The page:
Archive for February, 2007

Steve Jobs: “Eliminate Music DRM!”: So, What About eBooks?

A provocative thought piece by Steve Jobs today, arguing that the industry as well as consumers would benefit from the elimination of DRM on music sold online. It’s covered here by Forbes.
Whether or not this is an entirely serious proposal or more in the way of a smokescreen for Apple’s refusal to license its Fairplay [sic] DRM to other device and music store vendors is open to debate. And Jobs pointedly limits his discussion to music, where as he points out more than 90% of the sales of digital content are entirely DRM free CD audio. DVD videos have a sort of DRM with copy protection and region coding, and physical books arguably have this as well given the inconvenience of scanning paper.
Nevertheless Jobs has clearly elevated the DRM debate to a new level. His offer to stop selling DRM protected music altogether on the iTunes Store, if the top four music companies agreed to eliminate the DRM requirement, certainly raises the ante. As a consumer and advocate for maximum access to information, I hope that the “Jobs Principle” that DRM hurts content publishers as well as consumers spreads, not just for music but for other forms of content. For eBooks, I really like the “social DRM” approach of The Pragmatic Programmers, who “stamp” PDF eBooks with a “For the Exclusive Use of …” and the name of the purchaser. Given that they are making more than 30% of their total sales on eBooks, far more than any other traditional publisher, it’s hard to argue that this approach is infeasible.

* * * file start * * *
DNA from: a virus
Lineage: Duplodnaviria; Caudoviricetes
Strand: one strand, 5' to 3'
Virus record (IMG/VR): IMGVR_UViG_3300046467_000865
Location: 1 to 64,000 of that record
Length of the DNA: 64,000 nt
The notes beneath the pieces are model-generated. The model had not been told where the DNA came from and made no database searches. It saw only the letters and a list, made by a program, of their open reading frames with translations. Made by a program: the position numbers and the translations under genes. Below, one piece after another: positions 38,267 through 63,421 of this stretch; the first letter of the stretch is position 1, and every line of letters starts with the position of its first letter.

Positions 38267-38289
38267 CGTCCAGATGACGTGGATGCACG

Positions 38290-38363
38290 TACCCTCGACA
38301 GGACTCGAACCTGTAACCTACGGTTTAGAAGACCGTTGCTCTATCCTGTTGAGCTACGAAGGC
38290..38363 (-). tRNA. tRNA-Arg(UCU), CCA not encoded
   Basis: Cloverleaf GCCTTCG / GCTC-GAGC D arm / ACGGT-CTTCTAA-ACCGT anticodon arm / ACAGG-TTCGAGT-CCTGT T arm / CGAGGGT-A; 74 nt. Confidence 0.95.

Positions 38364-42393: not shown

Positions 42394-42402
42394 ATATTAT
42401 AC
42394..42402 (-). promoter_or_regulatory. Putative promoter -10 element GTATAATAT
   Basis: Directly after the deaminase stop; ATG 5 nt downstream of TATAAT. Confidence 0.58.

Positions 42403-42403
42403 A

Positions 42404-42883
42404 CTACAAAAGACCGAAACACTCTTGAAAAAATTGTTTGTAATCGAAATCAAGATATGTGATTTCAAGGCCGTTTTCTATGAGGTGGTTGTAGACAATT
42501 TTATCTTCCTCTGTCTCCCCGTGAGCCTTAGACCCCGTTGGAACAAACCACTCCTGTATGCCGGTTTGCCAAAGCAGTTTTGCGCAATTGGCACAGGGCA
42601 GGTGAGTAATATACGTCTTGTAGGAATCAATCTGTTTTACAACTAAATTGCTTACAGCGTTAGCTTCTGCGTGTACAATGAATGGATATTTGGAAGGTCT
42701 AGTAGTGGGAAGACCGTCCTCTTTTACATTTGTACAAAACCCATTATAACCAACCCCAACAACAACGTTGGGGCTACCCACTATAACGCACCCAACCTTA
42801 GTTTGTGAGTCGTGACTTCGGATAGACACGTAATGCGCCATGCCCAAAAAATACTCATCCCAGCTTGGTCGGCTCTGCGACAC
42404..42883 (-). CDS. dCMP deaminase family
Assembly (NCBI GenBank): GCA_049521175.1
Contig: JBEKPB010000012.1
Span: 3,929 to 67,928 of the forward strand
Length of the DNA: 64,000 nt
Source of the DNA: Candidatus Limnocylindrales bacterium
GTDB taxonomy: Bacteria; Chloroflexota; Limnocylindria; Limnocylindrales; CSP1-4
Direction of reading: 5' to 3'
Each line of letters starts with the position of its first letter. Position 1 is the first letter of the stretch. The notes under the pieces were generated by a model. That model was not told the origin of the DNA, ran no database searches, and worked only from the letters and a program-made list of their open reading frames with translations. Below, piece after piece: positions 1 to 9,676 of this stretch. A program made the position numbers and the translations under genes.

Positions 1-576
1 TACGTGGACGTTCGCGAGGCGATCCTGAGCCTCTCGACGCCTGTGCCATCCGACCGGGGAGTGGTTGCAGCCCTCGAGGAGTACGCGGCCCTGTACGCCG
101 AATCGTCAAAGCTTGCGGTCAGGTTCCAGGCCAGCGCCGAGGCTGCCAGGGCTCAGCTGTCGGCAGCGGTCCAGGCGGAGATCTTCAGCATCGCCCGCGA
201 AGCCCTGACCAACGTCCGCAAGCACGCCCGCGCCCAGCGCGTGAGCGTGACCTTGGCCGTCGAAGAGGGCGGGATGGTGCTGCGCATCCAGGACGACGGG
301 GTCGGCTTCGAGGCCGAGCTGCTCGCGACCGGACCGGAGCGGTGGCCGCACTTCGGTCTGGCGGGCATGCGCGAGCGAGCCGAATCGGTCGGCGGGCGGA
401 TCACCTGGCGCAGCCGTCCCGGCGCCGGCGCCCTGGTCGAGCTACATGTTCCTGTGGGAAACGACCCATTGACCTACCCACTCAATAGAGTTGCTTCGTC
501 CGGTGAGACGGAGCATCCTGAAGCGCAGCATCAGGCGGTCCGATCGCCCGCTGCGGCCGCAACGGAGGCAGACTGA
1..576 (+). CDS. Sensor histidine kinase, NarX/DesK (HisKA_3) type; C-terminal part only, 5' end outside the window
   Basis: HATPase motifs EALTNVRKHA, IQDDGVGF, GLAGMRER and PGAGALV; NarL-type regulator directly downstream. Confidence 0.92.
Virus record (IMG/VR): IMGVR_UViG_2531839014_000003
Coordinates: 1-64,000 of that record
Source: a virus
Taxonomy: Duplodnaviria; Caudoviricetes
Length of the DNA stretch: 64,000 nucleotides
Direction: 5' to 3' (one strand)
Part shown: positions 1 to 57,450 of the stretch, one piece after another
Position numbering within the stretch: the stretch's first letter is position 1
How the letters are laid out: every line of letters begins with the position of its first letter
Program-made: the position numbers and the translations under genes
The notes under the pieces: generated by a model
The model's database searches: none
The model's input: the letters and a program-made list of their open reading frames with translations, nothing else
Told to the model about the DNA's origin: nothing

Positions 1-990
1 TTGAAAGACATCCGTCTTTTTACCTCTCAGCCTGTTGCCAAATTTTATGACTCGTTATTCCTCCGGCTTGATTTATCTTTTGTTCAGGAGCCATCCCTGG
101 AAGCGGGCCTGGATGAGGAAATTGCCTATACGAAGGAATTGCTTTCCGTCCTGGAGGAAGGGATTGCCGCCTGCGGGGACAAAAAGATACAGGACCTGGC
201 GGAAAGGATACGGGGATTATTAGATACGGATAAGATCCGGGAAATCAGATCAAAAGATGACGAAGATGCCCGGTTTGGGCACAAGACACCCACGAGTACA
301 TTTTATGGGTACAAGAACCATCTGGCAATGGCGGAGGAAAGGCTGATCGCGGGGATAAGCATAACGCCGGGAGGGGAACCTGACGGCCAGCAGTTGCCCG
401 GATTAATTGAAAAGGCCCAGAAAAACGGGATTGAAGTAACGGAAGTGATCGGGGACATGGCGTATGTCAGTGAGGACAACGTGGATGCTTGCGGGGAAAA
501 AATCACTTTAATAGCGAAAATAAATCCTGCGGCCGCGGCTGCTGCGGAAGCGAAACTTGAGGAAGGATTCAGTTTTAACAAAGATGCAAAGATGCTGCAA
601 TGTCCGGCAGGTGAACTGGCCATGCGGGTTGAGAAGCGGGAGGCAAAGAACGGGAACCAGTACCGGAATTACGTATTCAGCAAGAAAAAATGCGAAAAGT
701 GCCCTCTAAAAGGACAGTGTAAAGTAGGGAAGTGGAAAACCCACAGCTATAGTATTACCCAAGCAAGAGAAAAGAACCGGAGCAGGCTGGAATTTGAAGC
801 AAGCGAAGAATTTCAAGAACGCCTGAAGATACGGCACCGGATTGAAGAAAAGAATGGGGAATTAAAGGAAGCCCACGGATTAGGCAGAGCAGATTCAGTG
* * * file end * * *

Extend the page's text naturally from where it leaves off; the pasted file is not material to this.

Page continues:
Adobe is committed to continuing to supply DRM technology in our solutions as required by our publisher partners. We will continue to work to make DRM as seamless as possible for end users, while also protecting rights holders from piracy or unauthorized use, and we are poised to deliver some innovative new capabilities in this regard.
Yet, I would like nothing more than to have DRM technology just fade away. After all the main challenge we have in digital publishing is to get it adopted by mainstream consumers. And the main challenge 98% of book authors and publishers have is to get people to be aware of their books, not to prevent piracy. So my challenge to print publishers and authors: why not support “social DRM”, rather than heavyweight DRM? If that’s a direction you are willing to go, Adobe will back you up, 1000%.